The orchestra's latest Mahler recording (London 430 165-2, two CDs) is his Sixth Symphony -- an electrifying performance but, in such a crowded field, not the only recommendation. What sets this recording apart is a brilliant performance of the six "Maeterlinck Songs" of Alexander Zemlinsky (1871-1942), a composer whose reputation is still growing slowly but solidly. (He also was the suitor of Alma Schindler before another composer swept her off her feet and made her Alma Mahler.) Here Van Nes is very much in her element and sounds wonderful.

The programming is sensitive and imaginative on London 430 324-2, which couples the happy, relaxed Second Symphony of Brahms with the surprisingly similar "Im Sommerwind" by Anton Webern, who later became one of the major prophets of atonalism. The performances are appealing, as they are also in the First and Fourth symphonies of Schumann (London 425 608-2), played with a lightness and vigor that this composer does not get often enough.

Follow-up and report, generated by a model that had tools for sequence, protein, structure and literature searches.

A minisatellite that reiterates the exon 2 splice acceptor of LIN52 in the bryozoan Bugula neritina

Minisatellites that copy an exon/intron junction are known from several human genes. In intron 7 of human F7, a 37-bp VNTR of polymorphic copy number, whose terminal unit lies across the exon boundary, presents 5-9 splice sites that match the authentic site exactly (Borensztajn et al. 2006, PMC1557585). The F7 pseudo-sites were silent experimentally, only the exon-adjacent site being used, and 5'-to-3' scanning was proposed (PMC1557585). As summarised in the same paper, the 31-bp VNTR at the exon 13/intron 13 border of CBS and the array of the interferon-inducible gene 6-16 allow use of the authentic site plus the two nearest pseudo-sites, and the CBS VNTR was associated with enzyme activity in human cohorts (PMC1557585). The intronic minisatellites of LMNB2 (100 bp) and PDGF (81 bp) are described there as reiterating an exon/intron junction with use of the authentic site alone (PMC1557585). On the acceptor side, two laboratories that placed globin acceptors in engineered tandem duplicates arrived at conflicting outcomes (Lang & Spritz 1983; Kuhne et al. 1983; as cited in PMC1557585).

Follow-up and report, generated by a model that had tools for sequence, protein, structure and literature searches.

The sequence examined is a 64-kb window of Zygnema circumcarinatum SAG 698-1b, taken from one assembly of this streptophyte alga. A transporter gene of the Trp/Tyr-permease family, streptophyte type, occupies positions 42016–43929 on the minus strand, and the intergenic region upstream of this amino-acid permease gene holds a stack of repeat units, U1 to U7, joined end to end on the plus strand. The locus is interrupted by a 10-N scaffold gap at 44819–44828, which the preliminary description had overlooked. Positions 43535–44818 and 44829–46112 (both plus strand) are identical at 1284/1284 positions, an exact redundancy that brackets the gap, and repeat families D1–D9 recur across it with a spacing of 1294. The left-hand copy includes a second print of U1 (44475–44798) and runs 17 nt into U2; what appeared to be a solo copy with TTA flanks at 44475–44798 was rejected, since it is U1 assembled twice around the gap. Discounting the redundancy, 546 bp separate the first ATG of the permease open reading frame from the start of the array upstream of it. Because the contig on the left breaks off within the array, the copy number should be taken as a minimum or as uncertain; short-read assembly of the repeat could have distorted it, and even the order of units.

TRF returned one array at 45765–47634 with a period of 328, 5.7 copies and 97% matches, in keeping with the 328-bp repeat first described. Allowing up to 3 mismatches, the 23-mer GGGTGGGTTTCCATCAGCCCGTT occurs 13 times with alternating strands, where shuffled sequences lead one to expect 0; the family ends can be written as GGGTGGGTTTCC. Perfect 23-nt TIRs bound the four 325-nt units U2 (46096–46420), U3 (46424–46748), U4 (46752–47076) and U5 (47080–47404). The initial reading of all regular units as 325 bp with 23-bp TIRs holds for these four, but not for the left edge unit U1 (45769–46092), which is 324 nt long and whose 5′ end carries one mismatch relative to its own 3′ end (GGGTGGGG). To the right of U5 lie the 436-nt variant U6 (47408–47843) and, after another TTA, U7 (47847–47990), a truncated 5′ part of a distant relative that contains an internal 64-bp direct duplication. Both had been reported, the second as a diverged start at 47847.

A new name to me is Richard Nanes, whose Symphony for Strings will be performed by the American Chamber Orchestra, William Yarborough conducting, tomorrow night in the Terrace Theater. But this Philadelphia-born composer has more than a dozen works recorded on the Delfon label, and from the sounds of them they should be winning lots of fans. Those who believe that contemporary music can and should be as light and happy as music of the past will welcome the symphony (Delfon CDR 2422), which combines baroque structures with modern sonorities. The same disc has the brilliantly moody "Rhapsody Pathetique" for violin and orchestra and the ingenious Concerto Grosso for brass trio and orchestra. Perhaps, if the applause tomorrow night is very loud, Yarborough will program more of Nanes in the future.